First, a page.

Accessibility in Online Learning Environments
Federal legislation, like the American Disabilities Act, Section 504 and Section 508 of the Rehabilitation Act of 1973, outlines the requirements for federal agencies to accommodate people of all abilities. For faculty, it is important to understand how these civil rights laws affect higher education and impact university services. At the course level, these laws can affect how content is delivered in the traditional, hybrid or online class.
Section 504 of the Rehabilitation Act of 1973 prohibits discrimination of people with disabilities when attending any organization or institution that receives federal funding. This means that students of all abilities have an equal right to attend classes or programs that are physically or electronically offered on campus.
Section 508 (Student Accessibility)
Section 508 is the portion of the Rehabilitation Act of 1973 that addresses the need for Federal Agencies, like the University of North Texas at Dallas, to make electronic information accessible to people with disabilities. Section 508 most often applies to web accessibility, but also includes web services offered by the university such as course management systems or electronic library resources
American with Disabilities Act (ADA)
The 1990 Americans with Disabilities Act (ADA) requires that U.S. programs and services be accessible to individuals with disabilities. There are a total of 11 laws that protect persons with disabilities. A 1996 Department of Justice ruling makes it clear that ADA accessibility requirements apply to Internet resources. An individual with a disability is defined by the ADA as a person who has a physical or mental impairment that substantially limits one or more major life activities, a person who has a history or record of such an impairment, or a person who is perceived by others as having such an impairment. The ADA does not specifically name all of the impairments that are covered.
Section 508 addresses the accessibility of all course materials and media elements and applies to the design and development of online environments. All distance education courses offered by UNT Dallas are required to be in compliance with the Americans with Disabilities Act (ADA), and all university web sites should also be in compliance with Section 508 of the Rehabilitation Act.
Instructors should be familiar with the Americans with “Disability Act”, Section 504 and Section 508 requirements and use resources to avoid violations and be in compliance. The Office of Distance Learning and Instructional Technology can assist and guide instructors with the creation of accessible online courses and material for the online environment.
Watch the following video A Personal Look at Accessibility in Higher Education
Watch the following video Real Connections: Making Distance Learning Accessibile to Everyone
Quick Reference Guide
This quick reference guide is designed to provide an understanding of how to use different types of technology to create accessible course content.
View our Quick Reference Guide for Accessible Course Content. (PDF)
Tips and Best Practices
- When choosing electronic resources for your class, such as ebooks or courseware, ask how their product complies with accessibility legislation.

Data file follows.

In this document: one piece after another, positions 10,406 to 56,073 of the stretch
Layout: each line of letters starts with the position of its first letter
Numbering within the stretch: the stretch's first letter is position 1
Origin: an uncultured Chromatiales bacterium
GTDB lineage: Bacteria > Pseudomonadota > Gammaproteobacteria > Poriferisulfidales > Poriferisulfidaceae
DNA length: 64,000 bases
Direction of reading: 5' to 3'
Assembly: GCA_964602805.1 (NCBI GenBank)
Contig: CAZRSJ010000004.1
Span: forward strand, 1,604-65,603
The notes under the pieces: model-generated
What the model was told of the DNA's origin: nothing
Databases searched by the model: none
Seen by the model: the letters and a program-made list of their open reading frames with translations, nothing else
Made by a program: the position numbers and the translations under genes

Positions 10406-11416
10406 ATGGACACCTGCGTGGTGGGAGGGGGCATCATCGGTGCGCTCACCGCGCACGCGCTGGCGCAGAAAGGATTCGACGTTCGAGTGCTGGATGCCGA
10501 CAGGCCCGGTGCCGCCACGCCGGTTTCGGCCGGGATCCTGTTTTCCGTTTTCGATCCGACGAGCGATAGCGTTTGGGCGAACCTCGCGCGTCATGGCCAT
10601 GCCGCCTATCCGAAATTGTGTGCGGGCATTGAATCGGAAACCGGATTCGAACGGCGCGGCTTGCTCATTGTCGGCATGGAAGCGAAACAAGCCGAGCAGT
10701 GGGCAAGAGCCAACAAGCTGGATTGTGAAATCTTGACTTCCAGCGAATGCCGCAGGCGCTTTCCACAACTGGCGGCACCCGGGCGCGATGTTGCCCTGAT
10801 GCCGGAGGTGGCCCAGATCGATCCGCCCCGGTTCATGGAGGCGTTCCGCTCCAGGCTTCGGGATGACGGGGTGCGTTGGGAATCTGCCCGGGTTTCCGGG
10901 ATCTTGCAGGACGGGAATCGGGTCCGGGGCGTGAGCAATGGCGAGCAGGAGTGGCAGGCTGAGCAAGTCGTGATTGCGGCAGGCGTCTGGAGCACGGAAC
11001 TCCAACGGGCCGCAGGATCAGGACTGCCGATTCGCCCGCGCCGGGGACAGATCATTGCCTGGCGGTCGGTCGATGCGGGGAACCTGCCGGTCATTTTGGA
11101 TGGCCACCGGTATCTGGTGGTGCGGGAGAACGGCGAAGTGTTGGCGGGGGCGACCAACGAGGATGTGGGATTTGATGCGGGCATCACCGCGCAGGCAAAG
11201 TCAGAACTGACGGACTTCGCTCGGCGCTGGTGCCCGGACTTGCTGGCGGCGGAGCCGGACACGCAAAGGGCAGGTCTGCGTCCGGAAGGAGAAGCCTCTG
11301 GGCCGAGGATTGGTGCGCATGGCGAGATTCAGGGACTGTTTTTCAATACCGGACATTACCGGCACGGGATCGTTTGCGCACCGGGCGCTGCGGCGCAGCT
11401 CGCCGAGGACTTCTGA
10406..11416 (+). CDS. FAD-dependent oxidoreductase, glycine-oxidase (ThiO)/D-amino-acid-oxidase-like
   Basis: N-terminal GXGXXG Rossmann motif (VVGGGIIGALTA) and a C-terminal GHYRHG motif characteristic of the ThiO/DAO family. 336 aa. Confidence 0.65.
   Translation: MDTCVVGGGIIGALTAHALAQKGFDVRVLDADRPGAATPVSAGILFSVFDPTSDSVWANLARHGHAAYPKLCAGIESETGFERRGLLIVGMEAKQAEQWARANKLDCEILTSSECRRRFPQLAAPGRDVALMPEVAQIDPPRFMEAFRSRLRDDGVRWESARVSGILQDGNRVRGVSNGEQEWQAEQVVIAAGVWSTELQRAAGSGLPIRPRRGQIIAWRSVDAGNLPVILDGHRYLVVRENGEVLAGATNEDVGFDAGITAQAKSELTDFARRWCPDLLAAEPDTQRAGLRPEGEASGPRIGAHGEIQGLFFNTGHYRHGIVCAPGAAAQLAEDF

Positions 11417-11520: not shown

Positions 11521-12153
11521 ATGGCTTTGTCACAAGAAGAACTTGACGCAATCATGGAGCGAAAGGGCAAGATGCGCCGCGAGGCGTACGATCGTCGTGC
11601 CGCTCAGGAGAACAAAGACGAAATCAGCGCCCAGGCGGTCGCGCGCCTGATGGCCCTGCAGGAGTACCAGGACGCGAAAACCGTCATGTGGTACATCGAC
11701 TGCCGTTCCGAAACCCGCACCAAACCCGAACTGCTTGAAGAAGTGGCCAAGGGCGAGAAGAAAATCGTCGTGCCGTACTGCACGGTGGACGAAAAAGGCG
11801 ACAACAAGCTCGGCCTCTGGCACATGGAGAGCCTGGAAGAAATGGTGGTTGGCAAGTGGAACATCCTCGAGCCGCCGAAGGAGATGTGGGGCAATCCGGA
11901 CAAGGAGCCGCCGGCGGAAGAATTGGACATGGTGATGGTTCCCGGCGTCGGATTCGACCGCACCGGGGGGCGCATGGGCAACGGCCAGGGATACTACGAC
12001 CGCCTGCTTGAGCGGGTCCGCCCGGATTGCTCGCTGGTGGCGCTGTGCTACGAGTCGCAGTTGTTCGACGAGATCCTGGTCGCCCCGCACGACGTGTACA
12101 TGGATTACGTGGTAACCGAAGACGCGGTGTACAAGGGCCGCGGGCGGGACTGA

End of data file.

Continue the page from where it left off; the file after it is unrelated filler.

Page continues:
- Visit and become familiar with the Disability Services at UNT Dallas website,
- Visit their section on Accessibility to learn how adaptive technologies might be used to access your course materials.
- Include information about students’ rights and responsibilities in your syllabus and be aware of the rights and responsibilities of students with accommodation requests. New students may not be aware of these requirements and will need to register with Disability Services to receive academic accommodations.
- Use the Accessbility Checker when creating content in the Rich Text Editor in Canvas.
How to Create Accessible Course Content:
- Using ZOOM Live Transcription
- Creating Video Transcripts
- How to Create Appropriate Alternate Text for Images
- How to Create Accessible Word Documents
- How to Create Accessible PowerPoint Documents
- How to Create Accessible PDF documents
- How to Create Accessible Tables
- Convert image-based PDFs into text-based Word Documents
- Intro to Closed Captioning for Video
- YouTube Closed Captioning Instructions
- Designing for Screen Readers
- WAVE accessibility checker for websites.
- Checking Accessibility in Adobe Acrobat Files
- Checking Accessibility in Canvas Pages (provided by Instructure)
- Checking Accessibility in Microsoft PowerPoint 2016 Presentations
- Checking Accessibility in Microsoft PowerPoint 365 Presentations
- Checking Accessibility in Microsoft PowerPoint 365 Online Presentations
- Checking Accessibility in Microsoft Word 2016 Documents
- Checking Accessibility in Microsoft Word 365 Documents
- Checking Accessibility in Microsoft Word 365 Online Documents
- Adding ALT Text / ALT Tags in Google Docs (Not Officially Supported by UNTD)
- Adding ALT Text / ALT Tags in Google Slides (Not Officially Supported by UNTD)
Publisher Accessibility Information
Below are links to major publishers with information on the accessibility of their online content.
In addition to technical accessibility, Universal Design for Learning is an educational framework based on research in the learning sciences that guides the development of flexible learning environments that can accommodate individual learning differences. Through funding from the U.S. Department of Education, UDL-Universe was developed to serve as a one-stop portal for UDL and faculty development resources.
For more information, please visit Disability Services Office